Then I took them to lunch (you have to escort kids everywhere, obviously) and brought them back to class (yes, lunch is in the middle of second period, for some reason). I wanted them to be quiet and let me read, but they wouldn't do that, so I taught them 45 more minutes of French. "¿Cómo se dice en francés, 'Me llamo Miguel'? Je m'appelle Miguel."
The school wasn't the hellhole I'd been led to believe. Maybe it used to be, but the students were mostly very-recent immigrants, and those kids are never problems. I really enjoyed it. In my last period, I taught English as a foreign language, and at the end of the day, everyone could name at least one new thing they had learned.
I went back to the same school the next day. I had to teach a lesson about mental health in Spanish when my para-educator didn't show up. The kids told me to say "delor de cabeza," not "infermo de cerebro."
At the end of the day, I was assigned to help the soccer coach lead the soccer club. One kid kicked a ball over the fence and across the road, where it rolled into a detention basin. The coach asked me to go get it. When I got there, it had drifted far from the shore. I tried to reach it with a fallen branch, but it was too far. I threw the branch near the ball to start a disturbance that would cause the ball to drift. An observing bus driver, idling in her bus awaiting the end of the day, came over to tell me, "There are water moccasins in there! You should be careful!" Throwing more things at the ball ended up doing the trick.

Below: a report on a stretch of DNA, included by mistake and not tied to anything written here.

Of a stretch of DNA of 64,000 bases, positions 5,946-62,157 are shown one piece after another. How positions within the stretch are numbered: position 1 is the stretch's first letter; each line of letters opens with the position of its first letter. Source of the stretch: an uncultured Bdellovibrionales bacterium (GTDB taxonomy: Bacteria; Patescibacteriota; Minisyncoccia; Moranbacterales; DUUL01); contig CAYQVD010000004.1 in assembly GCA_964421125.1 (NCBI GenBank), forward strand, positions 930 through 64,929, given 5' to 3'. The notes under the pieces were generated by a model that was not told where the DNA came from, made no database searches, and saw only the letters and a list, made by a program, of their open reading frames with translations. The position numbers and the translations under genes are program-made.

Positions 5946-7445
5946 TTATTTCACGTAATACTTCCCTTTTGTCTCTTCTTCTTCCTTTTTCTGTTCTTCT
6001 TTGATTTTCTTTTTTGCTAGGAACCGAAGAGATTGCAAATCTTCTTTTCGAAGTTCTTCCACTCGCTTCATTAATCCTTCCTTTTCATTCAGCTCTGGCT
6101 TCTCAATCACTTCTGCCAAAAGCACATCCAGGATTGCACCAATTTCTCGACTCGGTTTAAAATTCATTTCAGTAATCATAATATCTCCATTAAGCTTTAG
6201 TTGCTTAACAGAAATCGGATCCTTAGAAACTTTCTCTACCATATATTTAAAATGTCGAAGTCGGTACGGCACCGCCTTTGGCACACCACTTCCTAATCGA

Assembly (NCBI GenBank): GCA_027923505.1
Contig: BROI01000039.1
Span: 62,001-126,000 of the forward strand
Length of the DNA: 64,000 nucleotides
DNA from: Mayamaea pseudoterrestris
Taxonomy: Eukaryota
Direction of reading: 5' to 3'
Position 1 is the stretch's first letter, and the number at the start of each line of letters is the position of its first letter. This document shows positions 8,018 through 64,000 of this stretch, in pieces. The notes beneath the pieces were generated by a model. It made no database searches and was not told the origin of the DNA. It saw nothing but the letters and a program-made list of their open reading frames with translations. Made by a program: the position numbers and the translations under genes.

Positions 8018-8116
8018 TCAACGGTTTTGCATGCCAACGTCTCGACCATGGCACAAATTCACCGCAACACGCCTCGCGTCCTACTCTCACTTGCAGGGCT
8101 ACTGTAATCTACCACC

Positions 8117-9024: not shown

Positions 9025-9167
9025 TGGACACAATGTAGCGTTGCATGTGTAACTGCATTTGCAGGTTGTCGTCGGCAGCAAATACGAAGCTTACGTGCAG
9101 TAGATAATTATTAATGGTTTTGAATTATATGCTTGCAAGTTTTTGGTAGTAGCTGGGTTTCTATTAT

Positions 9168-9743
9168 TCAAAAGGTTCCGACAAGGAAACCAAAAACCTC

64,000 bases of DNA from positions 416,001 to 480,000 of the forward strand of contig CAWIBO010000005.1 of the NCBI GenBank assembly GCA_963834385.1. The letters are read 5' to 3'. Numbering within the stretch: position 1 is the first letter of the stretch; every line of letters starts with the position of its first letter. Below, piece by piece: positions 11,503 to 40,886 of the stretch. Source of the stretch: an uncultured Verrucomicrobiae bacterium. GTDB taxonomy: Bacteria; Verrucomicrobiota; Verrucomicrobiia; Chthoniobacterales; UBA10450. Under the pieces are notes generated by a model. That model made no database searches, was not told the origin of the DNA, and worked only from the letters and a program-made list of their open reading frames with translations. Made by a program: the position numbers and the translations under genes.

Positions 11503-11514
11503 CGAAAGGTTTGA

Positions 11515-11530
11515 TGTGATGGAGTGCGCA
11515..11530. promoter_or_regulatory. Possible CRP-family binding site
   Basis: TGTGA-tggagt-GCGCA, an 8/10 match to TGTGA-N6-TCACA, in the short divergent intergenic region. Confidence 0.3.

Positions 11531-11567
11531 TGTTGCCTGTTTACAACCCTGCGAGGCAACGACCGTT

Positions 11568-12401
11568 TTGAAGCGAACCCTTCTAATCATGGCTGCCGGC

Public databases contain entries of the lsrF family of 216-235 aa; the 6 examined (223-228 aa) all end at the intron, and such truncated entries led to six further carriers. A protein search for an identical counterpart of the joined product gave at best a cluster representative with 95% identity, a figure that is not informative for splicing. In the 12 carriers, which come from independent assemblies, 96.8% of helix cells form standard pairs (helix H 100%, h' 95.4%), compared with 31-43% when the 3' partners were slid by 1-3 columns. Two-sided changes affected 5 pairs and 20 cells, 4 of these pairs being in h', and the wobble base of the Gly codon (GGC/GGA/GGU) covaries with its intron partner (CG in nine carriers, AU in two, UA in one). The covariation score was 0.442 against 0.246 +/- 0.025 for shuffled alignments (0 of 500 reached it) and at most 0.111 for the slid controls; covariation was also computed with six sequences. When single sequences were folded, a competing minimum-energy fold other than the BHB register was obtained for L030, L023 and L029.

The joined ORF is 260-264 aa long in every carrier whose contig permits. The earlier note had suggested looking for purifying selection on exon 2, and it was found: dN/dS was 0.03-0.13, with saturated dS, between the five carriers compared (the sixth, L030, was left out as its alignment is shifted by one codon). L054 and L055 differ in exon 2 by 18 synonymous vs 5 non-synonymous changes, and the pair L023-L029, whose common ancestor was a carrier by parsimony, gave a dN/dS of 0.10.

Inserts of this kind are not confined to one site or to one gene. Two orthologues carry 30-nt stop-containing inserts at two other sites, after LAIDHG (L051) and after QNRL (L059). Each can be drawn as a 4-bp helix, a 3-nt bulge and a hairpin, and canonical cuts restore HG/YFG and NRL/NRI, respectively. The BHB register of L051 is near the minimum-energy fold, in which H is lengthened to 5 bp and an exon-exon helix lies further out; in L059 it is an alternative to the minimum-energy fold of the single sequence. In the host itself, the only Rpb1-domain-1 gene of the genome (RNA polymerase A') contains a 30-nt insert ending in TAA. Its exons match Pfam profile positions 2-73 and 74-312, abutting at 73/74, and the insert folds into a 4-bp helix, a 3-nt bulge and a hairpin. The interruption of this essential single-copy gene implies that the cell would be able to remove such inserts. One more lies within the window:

That afternoon, I finalized my contract with my new employer (for October), so I knew I didn't have to substitute teach anymore for a while. I thought I'd learned that teaching kids with zero English capabilities was where it was at, so I went back to our local middle school for my last day before starting my new job.
I was wrong. The recent immigrants in my neighborhood have not yet reached a critical mass, so they are still outnumbered by the delinquent children, who serve as their role-models of how an American school kid is supposed to behave. It was an entire day of telling kids to sit down, stop running, sit down, stop yelling, sit down, don't throw things, and sit down, mostly in Spanish.
I had one girl in class who said nothing. Another girl said, "She doesn't speak Spanish." I asked, "What does she speak?" The other girl said, "No one knows." I took my phone and Googled "hello different languages." I found a page that had "hello" in 21 different languages. We scrolled through them together and she didn't recognize any of them. I found a different page that had "hello" in 100 languages, but she didn't know any of them, either. I looked up "hello African languages," and eventually, we found out that she speaks Kinyarwanda. Then I went to Google Translate, but Kinyarwanda isn't supported by Google Translate (which has over 100 languages). I found an online dictionary and used it to ask her if she had a dictionary. She said no. I looked one up on Amazon, and it cost less than $12. I texted my wife to ask her to use her parents' Amazon Prime account to order it for same-day delivery. That was giving her problems, but she was able to have my mother use her Prime account to do it for us. And then it didn't arrive until after the school day ended, so I couldn't give it to the girl.
I'm planning to take the dictionary to the school for her tomorrow morning when I'm off work. However, I'm worried the overwrought neurotics will be convinced that I'm engaging in sexual grooming and refuse to pass the book along. They will probably even demand to speak to my manager.